Behavioural and molecular consequences of chronic cannabinoid treatment in Huntington's disease transgenic mice.
Early loss of CB1 receptors is a hallmark of human Huntington's disease. Data from rodent studies suggest that preservation and activation of CB1 receptors may be protective against disease progression. R6/1 transgenic mice are considered to be a model of early pathogenic changes in Huntington's disease. We have shown previously that levels of CB1 in R6/1 mice prior to the onset of motor symptoms (12 weeks of age) remain high enough to justify commencement of cannabinoid drug treatment. Eight weeks of daily treatment with the cannabinoid agonists HU210 (0.01 mg/kg) and Delta(9)-tetrahydrocannabinol (THC, 10.00 mg/kg), or the inhibitor of endocannabinoid metabolism URB597 (0.30 mg/kg), did not alter the progressive deterioration of performance observed in motor behavioural testing. HU210-treated R6/1 mice experienced a significant increase in seizure events suggesting that this therapy may lower the seizure threshold and cautioning against highly efficacious agonists as potential therapy in this disease. Molecular characterisation of brains at the end of the study showed that there were no significant effects of HU210 or THC treatment on the ligand binding of cannabinoid CB1, dopamine D1, D2, serotonin 5HT2A or GABA(A) receptors, nor CB1 or fatty acid amide hydrolase (FAAH) mRNA expression in R6/1 mice. Intriguingly, a significant increase in the number of ubiquitinated aggregates was observed in the striatum with HU210 treatment, indicating an influence of CB1 on the disease process. Chronic URB597 treatment preserved CB1 receptors in the R6/1 striatum, suggesting that the manipulation of endocannabinoid levels warrants further exploration.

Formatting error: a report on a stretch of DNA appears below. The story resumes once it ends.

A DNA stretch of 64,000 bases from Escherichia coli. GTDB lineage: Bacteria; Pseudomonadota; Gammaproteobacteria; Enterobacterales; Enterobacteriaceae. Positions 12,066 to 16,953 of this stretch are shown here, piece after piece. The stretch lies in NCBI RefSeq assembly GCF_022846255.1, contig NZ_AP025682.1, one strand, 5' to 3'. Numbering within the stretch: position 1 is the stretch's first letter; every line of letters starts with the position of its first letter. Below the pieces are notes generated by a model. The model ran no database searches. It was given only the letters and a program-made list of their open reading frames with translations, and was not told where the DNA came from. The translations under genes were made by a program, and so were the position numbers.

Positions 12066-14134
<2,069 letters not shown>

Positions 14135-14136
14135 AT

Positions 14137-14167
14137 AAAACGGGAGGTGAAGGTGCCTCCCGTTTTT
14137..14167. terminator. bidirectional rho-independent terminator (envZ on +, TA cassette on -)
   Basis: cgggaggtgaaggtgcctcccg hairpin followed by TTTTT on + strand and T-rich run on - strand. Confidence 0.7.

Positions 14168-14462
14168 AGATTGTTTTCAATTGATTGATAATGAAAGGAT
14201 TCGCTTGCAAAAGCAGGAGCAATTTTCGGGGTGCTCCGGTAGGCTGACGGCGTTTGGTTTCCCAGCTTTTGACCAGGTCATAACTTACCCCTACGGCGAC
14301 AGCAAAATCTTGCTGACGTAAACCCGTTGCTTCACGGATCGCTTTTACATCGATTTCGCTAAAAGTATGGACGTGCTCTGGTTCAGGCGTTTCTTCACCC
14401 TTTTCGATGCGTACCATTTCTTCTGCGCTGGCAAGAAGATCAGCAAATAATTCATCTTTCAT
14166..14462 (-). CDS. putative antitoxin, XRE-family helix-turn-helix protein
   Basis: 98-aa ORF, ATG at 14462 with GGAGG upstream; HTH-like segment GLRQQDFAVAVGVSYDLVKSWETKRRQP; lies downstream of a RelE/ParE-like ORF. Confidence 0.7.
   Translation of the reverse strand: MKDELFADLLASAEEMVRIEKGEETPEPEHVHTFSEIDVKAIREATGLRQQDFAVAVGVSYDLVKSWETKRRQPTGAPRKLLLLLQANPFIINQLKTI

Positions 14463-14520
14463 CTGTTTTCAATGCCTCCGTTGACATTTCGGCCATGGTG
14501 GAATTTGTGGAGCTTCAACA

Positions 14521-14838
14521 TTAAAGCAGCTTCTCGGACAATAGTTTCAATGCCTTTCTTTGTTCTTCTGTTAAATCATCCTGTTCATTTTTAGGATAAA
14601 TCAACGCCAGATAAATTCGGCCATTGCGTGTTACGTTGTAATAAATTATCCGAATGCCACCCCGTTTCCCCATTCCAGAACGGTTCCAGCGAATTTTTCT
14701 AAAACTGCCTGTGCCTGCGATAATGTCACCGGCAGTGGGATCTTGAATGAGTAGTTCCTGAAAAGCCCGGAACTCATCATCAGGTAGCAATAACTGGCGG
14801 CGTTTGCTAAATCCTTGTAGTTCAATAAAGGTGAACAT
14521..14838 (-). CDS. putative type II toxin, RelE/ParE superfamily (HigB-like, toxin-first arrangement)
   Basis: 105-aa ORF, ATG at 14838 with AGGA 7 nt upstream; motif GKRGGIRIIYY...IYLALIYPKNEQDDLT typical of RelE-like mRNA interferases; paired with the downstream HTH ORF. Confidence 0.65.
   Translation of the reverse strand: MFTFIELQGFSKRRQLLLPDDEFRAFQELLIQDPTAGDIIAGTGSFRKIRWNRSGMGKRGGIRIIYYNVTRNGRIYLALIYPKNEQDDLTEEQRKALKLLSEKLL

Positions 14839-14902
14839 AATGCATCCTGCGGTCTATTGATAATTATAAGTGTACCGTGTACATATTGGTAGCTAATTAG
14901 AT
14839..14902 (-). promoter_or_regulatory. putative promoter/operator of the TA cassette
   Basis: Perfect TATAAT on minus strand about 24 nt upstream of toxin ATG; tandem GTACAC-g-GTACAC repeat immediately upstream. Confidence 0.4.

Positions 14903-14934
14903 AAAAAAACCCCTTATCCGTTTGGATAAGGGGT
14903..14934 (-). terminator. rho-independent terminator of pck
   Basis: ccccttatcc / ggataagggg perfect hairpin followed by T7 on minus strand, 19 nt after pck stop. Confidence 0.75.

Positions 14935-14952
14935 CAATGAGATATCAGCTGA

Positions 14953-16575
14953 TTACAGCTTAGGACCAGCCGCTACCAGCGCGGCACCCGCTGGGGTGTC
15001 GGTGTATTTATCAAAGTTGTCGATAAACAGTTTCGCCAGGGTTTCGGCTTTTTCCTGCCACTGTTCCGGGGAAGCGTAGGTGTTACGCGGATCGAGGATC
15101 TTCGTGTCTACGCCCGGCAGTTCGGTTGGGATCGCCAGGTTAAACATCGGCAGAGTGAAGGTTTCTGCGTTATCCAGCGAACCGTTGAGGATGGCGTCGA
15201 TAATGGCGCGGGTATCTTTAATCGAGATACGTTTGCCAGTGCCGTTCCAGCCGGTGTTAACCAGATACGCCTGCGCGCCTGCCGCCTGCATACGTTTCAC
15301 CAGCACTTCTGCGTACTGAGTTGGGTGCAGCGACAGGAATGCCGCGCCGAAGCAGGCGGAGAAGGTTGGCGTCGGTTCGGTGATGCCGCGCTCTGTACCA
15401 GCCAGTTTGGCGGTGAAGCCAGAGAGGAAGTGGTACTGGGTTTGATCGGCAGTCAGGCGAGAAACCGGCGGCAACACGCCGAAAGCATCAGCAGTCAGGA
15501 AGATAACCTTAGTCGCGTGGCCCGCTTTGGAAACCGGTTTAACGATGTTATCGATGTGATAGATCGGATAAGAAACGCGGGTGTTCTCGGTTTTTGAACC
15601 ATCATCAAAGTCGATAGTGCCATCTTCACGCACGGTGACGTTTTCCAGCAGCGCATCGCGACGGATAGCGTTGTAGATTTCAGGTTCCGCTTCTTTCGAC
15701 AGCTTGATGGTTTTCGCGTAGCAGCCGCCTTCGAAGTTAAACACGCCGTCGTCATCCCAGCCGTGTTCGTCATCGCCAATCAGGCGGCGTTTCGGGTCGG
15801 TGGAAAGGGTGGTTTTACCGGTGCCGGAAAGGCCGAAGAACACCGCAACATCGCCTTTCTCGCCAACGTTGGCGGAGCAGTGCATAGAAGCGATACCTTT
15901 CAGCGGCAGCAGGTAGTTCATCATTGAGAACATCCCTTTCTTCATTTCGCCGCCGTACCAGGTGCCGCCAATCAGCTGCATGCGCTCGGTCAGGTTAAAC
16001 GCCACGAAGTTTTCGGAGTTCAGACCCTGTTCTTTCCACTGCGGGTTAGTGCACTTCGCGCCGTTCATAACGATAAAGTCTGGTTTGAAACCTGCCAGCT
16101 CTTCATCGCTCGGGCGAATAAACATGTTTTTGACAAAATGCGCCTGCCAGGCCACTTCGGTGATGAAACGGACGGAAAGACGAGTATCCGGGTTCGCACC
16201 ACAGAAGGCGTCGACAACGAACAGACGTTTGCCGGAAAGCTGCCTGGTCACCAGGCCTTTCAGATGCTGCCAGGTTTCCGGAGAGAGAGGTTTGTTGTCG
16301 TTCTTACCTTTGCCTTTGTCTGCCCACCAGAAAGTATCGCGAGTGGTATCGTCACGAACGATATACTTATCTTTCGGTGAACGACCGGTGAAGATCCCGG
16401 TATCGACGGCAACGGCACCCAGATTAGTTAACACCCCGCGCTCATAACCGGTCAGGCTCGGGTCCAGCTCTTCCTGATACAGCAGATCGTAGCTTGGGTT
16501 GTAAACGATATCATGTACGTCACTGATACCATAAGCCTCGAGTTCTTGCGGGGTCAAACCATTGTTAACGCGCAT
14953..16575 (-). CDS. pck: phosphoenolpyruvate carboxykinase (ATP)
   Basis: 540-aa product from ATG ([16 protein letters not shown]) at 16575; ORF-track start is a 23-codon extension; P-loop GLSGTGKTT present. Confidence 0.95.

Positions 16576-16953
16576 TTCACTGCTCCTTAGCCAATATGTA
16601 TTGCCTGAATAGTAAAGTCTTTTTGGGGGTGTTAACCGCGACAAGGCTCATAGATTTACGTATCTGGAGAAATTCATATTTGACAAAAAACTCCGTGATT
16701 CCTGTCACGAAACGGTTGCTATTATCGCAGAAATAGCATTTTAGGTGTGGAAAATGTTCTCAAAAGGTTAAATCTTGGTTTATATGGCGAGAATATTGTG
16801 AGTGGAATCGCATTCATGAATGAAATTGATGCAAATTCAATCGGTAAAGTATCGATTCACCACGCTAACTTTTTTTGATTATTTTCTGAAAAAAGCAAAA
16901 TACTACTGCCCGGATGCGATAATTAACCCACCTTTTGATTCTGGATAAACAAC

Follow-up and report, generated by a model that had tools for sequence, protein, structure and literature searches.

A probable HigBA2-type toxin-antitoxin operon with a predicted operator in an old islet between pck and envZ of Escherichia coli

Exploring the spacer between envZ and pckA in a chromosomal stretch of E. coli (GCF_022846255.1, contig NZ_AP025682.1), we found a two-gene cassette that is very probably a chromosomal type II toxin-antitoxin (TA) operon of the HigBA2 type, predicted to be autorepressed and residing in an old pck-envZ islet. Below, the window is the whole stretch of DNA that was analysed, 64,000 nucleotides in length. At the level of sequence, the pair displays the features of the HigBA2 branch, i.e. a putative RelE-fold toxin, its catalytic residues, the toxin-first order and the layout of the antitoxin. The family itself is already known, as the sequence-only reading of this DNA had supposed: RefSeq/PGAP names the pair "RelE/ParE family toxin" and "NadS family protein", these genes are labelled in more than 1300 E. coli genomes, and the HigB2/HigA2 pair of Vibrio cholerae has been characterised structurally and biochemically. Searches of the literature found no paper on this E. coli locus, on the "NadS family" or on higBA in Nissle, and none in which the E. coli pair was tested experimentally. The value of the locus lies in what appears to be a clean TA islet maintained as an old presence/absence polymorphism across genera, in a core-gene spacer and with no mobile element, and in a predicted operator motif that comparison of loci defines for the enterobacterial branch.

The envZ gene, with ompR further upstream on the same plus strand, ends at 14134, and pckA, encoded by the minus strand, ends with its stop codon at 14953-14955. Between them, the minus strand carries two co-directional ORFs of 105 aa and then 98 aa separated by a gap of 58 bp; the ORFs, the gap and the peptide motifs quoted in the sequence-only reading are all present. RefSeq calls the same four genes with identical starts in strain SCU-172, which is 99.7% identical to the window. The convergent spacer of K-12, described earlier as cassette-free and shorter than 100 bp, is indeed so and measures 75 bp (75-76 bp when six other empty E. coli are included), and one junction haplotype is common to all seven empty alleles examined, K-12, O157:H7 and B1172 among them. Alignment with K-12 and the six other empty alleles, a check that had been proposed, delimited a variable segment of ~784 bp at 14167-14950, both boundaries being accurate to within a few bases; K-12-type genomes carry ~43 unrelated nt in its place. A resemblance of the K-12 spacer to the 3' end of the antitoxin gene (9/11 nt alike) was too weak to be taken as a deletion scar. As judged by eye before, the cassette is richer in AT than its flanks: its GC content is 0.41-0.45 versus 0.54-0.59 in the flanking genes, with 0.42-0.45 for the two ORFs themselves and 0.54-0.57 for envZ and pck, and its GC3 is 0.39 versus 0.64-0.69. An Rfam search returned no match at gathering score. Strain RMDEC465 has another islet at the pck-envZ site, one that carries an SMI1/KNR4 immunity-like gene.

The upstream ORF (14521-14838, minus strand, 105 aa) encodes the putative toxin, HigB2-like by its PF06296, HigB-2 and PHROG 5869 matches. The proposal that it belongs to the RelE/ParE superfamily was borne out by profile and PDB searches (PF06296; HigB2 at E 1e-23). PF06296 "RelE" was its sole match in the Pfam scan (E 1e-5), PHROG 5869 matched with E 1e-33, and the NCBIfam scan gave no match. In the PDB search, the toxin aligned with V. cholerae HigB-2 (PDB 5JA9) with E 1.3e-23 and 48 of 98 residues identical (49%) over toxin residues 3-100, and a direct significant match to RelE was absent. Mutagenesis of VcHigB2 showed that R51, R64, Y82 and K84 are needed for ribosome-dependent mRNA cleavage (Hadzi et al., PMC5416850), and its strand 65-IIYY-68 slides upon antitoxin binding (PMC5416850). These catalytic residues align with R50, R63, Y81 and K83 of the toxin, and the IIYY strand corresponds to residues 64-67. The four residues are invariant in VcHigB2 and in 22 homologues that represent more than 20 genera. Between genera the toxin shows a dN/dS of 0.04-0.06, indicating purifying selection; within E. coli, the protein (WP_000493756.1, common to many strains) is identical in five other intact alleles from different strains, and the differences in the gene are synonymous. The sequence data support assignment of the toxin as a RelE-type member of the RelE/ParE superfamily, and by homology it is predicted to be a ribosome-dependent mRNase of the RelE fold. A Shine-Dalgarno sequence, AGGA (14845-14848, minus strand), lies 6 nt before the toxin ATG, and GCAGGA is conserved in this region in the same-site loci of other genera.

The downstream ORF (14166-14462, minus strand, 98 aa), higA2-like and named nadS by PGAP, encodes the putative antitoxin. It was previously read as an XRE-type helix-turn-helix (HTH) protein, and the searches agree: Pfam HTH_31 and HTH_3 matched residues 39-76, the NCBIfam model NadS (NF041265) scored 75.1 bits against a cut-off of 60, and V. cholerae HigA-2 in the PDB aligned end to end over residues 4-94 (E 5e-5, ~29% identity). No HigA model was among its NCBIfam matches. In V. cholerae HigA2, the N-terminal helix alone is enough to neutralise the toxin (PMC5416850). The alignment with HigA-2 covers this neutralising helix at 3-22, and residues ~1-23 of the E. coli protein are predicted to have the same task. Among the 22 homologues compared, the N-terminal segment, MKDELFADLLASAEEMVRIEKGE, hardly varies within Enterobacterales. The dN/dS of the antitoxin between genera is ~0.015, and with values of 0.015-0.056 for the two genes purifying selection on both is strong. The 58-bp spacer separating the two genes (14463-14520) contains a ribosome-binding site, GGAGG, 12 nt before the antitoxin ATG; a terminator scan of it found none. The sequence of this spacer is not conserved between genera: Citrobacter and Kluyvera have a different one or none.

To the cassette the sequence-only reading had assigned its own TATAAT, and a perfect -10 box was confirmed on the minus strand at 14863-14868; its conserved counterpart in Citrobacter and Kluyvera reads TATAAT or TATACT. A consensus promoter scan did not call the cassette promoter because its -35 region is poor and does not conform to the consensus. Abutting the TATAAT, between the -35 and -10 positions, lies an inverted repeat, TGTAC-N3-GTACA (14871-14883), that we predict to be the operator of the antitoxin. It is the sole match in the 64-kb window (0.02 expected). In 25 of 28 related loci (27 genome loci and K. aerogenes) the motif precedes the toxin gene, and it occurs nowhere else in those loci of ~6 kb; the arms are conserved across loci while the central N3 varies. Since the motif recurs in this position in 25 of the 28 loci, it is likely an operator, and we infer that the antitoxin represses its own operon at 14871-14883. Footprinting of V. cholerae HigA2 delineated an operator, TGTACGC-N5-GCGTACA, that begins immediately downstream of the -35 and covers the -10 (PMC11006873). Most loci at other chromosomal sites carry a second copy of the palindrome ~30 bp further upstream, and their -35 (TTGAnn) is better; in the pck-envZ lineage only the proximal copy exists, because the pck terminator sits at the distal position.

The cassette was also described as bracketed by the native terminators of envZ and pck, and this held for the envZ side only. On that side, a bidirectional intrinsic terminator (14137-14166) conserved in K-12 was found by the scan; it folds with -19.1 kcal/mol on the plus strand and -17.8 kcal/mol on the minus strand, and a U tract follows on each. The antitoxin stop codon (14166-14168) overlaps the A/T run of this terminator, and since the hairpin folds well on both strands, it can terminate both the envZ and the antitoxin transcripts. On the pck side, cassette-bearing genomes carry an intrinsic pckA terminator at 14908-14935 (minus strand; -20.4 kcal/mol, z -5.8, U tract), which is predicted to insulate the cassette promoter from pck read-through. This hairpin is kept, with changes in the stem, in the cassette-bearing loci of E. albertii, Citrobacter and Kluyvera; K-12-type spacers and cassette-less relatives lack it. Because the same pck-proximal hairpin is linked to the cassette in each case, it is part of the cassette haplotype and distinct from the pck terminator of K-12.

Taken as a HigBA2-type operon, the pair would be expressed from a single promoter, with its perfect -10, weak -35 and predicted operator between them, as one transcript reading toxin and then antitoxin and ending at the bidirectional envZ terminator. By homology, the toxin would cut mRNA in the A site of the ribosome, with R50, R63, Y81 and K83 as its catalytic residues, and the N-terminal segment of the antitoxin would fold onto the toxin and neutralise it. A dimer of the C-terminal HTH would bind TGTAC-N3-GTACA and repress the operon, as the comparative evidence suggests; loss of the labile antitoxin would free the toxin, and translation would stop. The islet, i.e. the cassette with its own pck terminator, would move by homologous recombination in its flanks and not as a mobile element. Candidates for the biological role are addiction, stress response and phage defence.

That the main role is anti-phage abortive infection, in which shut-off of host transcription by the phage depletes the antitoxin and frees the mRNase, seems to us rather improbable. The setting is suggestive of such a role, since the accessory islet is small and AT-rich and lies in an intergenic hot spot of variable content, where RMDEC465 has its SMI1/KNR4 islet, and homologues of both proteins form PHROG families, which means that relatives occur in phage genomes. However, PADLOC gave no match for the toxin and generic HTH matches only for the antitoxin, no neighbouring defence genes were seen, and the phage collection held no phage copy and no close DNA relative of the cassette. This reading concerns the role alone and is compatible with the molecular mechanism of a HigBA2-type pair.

Department of Pharmacology and Clinical Pharmacology, Centre for Brain Research, Faculty of Medical and Health Sciences, University of Auckland, Private Bag 92019, Auckland, New Zealand., , , ,
Disease Models, Animal
Drug Administration Schedule
Mice, Inbred C57BL
Mice, Inbred CBA
Receptor, Cannabinoid, CB1
Pub Type(s)Comparative Study
Research Support, Non-U.S. Gov't